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How to protect your digital privacy in divorce

On Behalf of | Dec 7, 2023 | Divorce

It doesn’t matter how you got to the point of a divorce or who initiated it, you and your spouse are no longer a couple. At this point, you need to take steps to disentangle your lives and protect your privacy – especially your digital privacy.

These days, people do much of their communication, banking and planning online. In high-conflict divorces, an angry spouse may be tempted to impersonate you online through your accounts in ways that damage you both personally and professionally. Even in less acrimonious situations, a disgruntled spouse may resort to a little electronic snooping to find out information you’d rather keep to yourself.

Here are the steps to take:

1. Change your passwords and set up two-step verification

Does your spouse know the passwords to your email accounts, bank accounts, Amazon account and others? Change them all – even your Netflix password. Where possible, set up two-step verification. That can make it much harder for someone to access your accounts without your consent.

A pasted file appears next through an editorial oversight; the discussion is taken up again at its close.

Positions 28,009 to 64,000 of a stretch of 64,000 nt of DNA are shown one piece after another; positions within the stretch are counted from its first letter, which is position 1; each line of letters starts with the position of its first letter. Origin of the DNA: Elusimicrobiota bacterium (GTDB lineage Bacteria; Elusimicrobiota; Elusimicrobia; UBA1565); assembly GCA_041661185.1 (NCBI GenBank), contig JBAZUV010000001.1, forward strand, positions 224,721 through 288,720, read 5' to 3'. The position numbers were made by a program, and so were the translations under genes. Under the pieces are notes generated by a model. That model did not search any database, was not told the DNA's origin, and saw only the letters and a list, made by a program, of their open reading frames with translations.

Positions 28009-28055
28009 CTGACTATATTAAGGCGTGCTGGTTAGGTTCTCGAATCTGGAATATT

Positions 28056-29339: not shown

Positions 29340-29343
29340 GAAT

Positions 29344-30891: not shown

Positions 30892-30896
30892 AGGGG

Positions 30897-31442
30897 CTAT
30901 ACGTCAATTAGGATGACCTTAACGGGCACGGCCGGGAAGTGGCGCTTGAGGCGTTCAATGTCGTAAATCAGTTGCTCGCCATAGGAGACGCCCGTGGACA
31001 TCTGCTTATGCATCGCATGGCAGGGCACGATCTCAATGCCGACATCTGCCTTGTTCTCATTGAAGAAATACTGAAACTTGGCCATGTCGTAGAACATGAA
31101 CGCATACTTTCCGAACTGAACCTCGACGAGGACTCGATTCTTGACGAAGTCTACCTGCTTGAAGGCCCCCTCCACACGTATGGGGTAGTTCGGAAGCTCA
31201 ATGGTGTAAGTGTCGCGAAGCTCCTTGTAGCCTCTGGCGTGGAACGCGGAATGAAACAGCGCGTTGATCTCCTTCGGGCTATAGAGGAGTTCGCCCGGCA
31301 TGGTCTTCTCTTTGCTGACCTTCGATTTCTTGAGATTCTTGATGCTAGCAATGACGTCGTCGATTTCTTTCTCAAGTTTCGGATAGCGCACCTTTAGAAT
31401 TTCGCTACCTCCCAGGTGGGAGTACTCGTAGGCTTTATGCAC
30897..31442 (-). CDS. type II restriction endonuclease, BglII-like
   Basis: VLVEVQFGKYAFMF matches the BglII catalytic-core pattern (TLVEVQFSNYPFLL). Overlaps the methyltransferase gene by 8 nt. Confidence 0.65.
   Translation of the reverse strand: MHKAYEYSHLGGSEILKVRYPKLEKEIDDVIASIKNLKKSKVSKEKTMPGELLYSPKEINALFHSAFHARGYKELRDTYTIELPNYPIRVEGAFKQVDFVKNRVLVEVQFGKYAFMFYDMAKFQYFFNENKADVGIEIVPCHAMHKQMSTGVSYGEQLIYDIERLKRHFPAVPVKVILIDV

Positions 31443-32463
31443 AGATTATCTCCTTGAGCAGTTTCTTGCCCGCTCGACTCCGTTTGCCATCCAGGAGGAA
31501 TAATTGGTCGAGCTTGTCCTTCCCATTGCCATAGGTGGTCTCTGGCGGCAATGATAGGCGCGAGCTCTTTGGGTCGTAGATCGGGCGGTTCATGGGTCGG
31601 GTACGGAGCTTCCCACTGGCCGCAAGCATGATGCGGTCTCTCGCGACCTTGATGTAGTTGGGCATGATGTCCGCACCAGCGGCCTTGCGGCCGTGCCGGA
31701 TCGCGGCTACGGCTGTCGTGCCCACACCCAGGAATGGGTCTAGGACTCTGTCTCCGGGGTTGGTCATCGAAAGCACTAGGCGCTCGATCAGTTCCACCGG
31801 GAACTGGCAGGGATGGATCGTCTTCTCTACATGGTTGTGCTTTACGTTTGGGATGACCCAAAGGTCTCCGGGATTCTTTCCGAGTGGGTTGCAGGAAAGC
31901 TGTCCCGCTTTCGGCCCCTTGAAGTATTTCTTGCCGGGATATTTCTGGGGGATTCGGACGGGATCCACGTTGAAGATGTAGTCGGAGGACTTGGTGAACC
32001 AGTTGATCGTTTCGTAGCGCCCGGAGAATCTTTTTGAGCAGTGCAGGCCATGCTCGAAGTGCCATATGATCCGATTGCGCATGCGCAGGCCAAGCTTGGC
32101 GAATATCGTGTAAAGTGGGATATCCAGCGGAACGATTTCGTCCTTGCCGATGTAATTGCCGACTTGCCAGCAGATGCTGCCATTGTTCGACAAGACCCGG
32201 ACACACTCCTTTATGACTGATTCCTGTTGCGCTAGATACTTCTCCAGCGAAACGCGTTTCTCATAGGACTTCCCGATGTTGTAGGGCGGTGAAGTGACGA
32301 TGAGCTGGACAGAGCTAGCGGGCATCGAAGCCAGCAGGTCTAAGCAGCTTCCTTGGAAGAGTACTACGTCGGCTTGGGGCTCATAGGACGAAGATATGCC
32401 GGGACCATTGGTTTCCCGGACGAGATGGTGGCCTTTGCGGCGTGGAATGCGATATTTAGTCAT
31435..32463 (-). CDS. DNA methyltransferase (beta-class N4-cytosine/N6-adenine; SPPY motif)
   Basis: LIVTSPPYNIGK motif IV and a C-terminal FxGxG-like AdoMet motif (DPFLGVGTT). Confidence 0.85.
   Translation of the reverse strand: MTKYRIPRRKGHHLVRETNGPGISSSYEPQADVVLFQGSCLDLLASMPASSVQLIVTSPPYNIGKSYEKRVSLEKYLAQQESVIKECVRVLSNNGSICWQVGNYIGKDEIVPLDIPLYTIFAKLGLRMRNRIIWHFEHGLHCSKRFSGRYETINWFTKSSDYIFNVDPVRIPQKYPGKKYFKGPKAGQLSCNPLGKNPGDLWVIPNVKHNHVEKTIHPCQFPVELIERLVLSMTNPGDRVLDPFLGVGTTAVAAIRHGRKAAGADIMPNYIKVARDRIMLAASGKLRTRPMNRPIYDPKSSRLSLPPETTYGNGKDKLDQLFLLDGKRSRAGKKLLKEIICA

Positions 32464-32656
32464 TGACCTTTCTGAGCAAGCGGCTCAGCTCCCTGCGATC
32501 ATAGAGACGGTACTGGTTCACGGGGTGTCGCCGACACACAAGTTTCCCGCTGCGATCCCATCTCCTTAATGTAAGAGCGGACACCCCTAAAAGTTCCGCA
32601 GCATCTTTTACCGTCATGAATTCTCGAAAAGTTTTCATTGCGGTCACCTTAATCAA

2. Change your access codes to electronics and use biometrics

You need to lock down your physical electronics, as well. If your spouse knows (or can guess) your passcode to your phone, tablet and laptop, you need to change them right away. That way, they can’t use your device’s password manager to get into your accounts. You should also consider adding biometric verification to any devices that support it so that nobody but you can unlock your devices.

3. Remove tracking devices and “check-in” authorizations

Unless you want your spouse to be aware of everywhere you go, turn off all “check-in” authorizations on your social media accounts that could broadcast your location. You also need to delete any apps you have that allow your spouse to check the location of your phone or vehicle. Couples often have these for safety (or just in case they lose their phone), and they can be easily overlooked in a divorce.

All divorces have the potential to be difficult. Experienced legal guidance can help you avoid critical mistakes.